WITH continued volatility in world markets expected to continue for at least the next two years, many companies are going to find it necessary to restructure their borrowings as debts reach maturity. While this presents a challenge to borrowers, it is an opportunity for restructuring advisers, with many forecasting a rush of work in the months ahead so long as macro-economic conditions appear unlikely to bailout companies.
Many of the corporate finance deals that were cut during the leveraged buyout boom will shortly come to maturity and expectations are that the costs of refinancing will be much higher this time around, piling pressure on businesses already struggling to meet their repayments. According to research from Standard & Poor’s, there has been a big rise in the number of requests for amendments to loan covenants in the corporate leveraged loans market during the first quarter of 2010. This is expected to increase going forward, while refinancings are likely to be done at higher cost to borrowers and on stricter loan to value terms.
Restructuring expert Matthew Prest at investment bank Moelis & Company says: “Continued market volatility will challenge companies’ ability to refinance as debt maturities loom. There will be further focus on high quality credits meaning the air will get pretty thin at the sub-investment grade end of the spectrum. Companies need to be ready to move quickly to take advantage whenever there is positive market sentiment to issue new equity or debt because the window of opportunity may shut again very quickly, as we have seen recently.”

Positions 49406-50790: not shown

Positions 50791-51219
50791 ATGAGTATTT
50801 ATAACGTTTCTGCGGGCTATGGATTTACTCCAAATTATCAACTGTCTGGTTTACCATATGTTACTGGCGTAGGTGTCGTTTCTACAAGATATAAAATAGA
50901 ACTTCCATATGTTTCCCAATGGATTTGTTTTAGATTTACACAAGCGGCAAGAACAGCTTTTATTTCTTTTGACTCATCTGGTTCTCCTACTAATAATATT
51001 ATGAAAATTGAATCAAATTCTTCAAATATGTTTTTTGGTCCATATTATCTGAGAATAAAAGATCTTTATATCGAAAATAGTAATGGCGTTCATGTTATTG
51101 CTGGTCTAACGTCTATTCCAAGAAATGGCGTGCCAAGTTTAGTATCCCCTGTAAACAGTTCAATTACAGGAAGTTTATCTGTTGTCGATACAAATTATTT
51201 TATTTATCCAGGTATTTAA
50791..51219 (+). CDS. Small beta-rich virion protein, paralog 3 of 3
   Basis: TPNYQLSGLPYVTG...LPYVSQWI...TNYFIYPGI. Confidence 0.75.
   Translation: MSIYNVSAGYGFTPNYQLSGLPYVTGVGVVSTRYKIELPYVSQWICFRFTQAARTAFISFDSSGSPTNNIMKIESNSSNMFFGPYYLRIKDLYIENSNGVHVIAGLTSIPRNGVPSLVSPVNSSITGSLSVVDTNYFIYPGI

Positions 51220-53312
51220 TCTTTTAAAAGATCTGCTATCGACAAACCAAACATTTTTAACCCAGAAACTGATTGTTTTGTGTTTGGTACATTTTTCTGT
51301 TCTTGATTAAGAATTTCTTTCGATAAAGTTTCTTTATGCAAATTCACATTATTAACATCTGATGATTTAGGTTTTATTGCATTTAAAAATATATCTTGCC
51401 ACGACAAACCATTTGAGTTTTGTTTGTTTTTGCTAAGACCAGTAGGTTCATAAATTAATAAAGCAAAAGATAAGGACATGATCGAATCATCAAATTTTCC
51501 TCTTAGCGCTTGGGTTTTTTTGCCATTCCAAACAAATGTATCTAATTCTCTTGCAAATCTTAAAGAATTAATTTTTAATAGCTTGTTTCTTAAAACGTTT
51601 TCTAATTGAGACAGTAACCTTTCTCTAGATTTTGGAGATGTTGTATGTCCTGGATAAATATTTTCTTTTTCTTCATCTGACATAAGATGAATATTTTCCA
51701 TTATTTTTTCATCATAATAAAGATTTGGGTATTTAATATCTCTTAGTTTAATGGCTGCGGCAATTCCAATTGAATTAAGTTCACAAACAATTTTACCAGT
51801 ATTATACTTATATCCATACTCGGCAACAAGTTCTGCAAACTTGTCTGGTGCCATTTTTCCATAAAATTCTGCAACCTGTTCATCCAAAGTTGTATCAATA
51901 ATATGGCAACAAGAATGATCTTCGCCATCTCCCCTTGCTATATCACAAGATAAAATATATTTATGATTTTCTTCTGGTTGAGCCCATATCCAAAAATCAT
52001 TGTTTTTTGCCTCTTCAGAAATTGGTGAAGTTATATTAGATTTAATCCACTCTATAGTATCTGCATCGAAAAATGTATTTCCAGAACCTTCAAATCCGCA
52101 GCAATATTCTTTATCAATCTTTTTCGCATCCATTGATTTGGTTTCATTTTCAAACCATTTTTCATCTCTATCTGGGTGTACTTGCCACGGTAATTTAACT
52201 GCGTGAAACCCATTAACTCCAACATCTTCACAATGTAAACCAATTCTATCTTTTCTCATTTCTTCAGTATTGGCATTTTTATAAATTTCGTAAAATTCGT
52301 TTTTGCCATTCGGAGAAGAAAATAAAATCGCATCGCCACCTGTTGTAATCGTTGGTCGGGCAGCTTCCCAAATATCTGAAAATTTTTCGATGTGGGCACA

So how should borrowers approach a restructuring? If companies cannot do a deal with their lenders they could be forced to offload assets through an initial public offering, for example, and hope they can realise decent value from the original investment. Or perhaps private equity can be persuaded to come in and refinance the business.
The only alternative appears to be going to lenders and saying they are prepared to pay back a loan but at a lower rate of interest or over a longer term. Stronger creditors will be able to pull it off but weaker ones will be reliant on their existing lenders because they cannot refinance so lenders will be seeking more equity in return for extending a higher rates.
If things start to go really sour, some experts reckon that could force lenders to swallow discounts of 30 to 50 per cent of the original loan terms – potentially meaning they have to write off hundreds of billions of dollars.
Yet for their part, lenders are now more confident and are less prepared to take a haircut when it comes to restructuring debt. Instead they are more prepared to just take the keys to an asset. The people who own all this debt are either asleep at the wheel or hoping things will be better when the time comes for the debt to come to maturity. They must wake up now to avoid disaster in the months ahead.